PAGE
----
Brontosaurus is back, baby!
Generations of schoolchildren have learned that a massive, long-necked dinosaur called Brontosaurus once roamed Earth. But in fact, scientists dropped that name more than a century ago -- referring to it as Apatosaurus instead.
Now, after a thorough analysis of dozens of long-necked specimens, a team of British and Portuguese paleontologists says it's time to revive the old name.
"It's the classic example of how science works," study co-author Dr. Octavio Mateus, a paleontology professor at Universidade Nova de Lisboa in Portugal, said in a written statement. "Especially when hypotheses are based on fragmentary fossils, it is possible for new finds to overthrow years of research."
The backstory. Starting in the 1870s, rival paleontologists Othniel C. Marsh and Edward D. Cope were scouring the American West, competing to find new dinosaurs in what became known as the "Bone Wars."
During Marsh's digs, his team found two incomplete skeletons of massive, long-necked sauropods. Based on one of the skeletons, Marsh announced the discovery of a new dinosaur called Apatosaurus ajax, the "deceptive lizard" in 1877. Then, two years later, he described the second skeleton as belonging to another new species called Brontosaurus excelsus, the "noble thunder lizard."
But after paleontologists collected a specimen with features similar to both Brontosaurus and Apatosaurus, they said the two dinosaurs were too similar to belong to separate genera. And so in 1903, Brontosaurus was re-classified as Apatosaurus excelsus.
A second look. For the new analysis, the researchers spent five years examining the scans and fossils of 81 sauropod specimens. Then they conducted statistical analyses to discover how much the dinosaurs differed, based on 477 specific features, Scientific American reported.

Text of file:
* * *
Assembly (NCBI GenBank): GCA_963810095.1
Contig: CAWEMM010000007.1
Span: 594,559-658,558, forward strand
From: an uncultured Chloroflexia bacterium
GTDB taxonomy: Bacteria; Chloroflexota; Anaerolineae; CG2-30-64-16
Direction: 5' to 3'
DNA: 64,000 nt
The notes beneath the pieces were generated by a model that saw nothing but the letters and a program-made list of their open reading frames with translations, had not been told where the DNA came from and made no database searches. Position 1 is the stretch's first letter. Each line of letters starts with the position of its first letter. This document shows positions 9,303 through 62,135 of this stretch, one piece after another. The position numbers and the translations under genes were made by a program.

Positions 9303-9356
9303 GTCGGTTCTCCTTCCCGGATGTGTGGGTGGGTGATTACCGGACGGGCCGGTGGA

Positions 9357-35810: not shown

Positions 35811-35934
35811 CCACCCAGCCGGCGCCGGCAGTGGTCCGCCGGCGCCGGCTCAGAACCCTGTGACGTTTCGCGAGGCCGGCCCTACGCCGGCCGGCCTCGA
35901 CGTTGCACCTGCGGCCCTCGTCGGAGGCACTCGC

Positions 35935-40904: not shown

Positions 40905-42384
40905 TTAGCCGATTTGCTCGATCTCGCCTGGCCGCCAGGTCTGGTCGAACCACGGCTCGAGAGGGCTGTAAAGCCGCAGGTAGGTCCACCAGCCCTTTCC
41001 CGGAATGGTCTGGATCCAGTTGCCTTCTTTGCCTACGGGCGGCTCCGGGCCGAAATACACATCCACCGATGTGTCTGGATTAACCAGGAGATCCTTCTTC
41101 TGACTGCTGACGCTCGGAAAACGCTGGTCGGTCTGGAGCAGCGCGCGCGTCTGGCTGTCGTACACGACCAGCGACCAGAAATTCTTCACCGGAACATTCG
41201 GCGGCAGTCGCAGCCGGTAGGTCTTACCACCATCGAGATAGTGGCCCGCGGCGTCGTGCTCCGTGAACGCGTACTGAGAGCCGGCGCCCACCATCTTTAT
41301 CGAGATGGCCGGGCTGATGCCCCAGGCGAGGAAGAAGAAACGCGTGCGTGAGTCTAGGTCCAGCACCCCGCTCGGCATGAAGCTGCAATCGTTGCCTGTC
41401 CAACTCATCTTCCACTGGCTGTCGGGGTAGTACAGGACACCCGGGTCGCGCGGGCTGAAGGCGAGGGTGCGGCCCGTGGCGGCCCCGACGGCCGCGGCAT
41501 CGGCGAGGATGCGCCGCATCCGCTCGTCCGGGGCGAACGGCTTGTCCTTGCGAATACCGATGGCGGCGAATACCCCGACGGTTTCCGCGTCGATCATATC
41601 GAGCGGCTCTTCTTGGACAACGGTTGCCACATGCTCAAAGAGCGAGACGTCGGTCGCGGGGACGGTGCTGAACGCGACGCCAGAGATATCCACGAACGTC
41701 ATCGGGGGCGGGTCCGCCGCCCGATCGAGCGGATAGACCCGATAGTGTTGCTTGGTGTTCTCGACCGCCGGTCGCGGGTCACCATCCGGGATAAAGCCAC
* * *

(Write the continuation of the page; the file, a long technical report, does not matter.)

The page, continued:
"Our research would not have been possible at this level of detail 15 or more years ago," Dr. Emanuel Tschopp, a paleontologist who led the research while completing his PhD at the Universidade Nova de Lisboa, said in the statement.
Paleontologists Emanuel Tschopp and Octávio Mateus measuring a sauropod dinosaur femur.
What did they find? Apatosaurus and Brontosaurus were less similar than would be expected from two species belonging to the same genus.
“It was a number of small differences that were important, but probably the most obvious features that would help distinguish the two is that the Apatosaurus has an extremely wide neck, where Brontosaurus' is more high than wide,” study co-author Dr. Roger Benson, a paleobiologist at Oxford University, told Wired.
Brontosaurus as researchers see it today.
"It’s going to be a long time before we get there, probably, but this paper is a big start in terms of getting the debate going," John Whitlock, an associate professor at Mount Aloysius College who wasn't involved in the research, told the Washington Post. "At the end, though, we’re going to be in a much better place in terms of truly understanding the evolution of the lineages we study, and that’s exciting."
A paper describing the new research was published online on April 7 in the journal PeerJ.
CORRECTION: A previous version of this article misstated the name of the publication.
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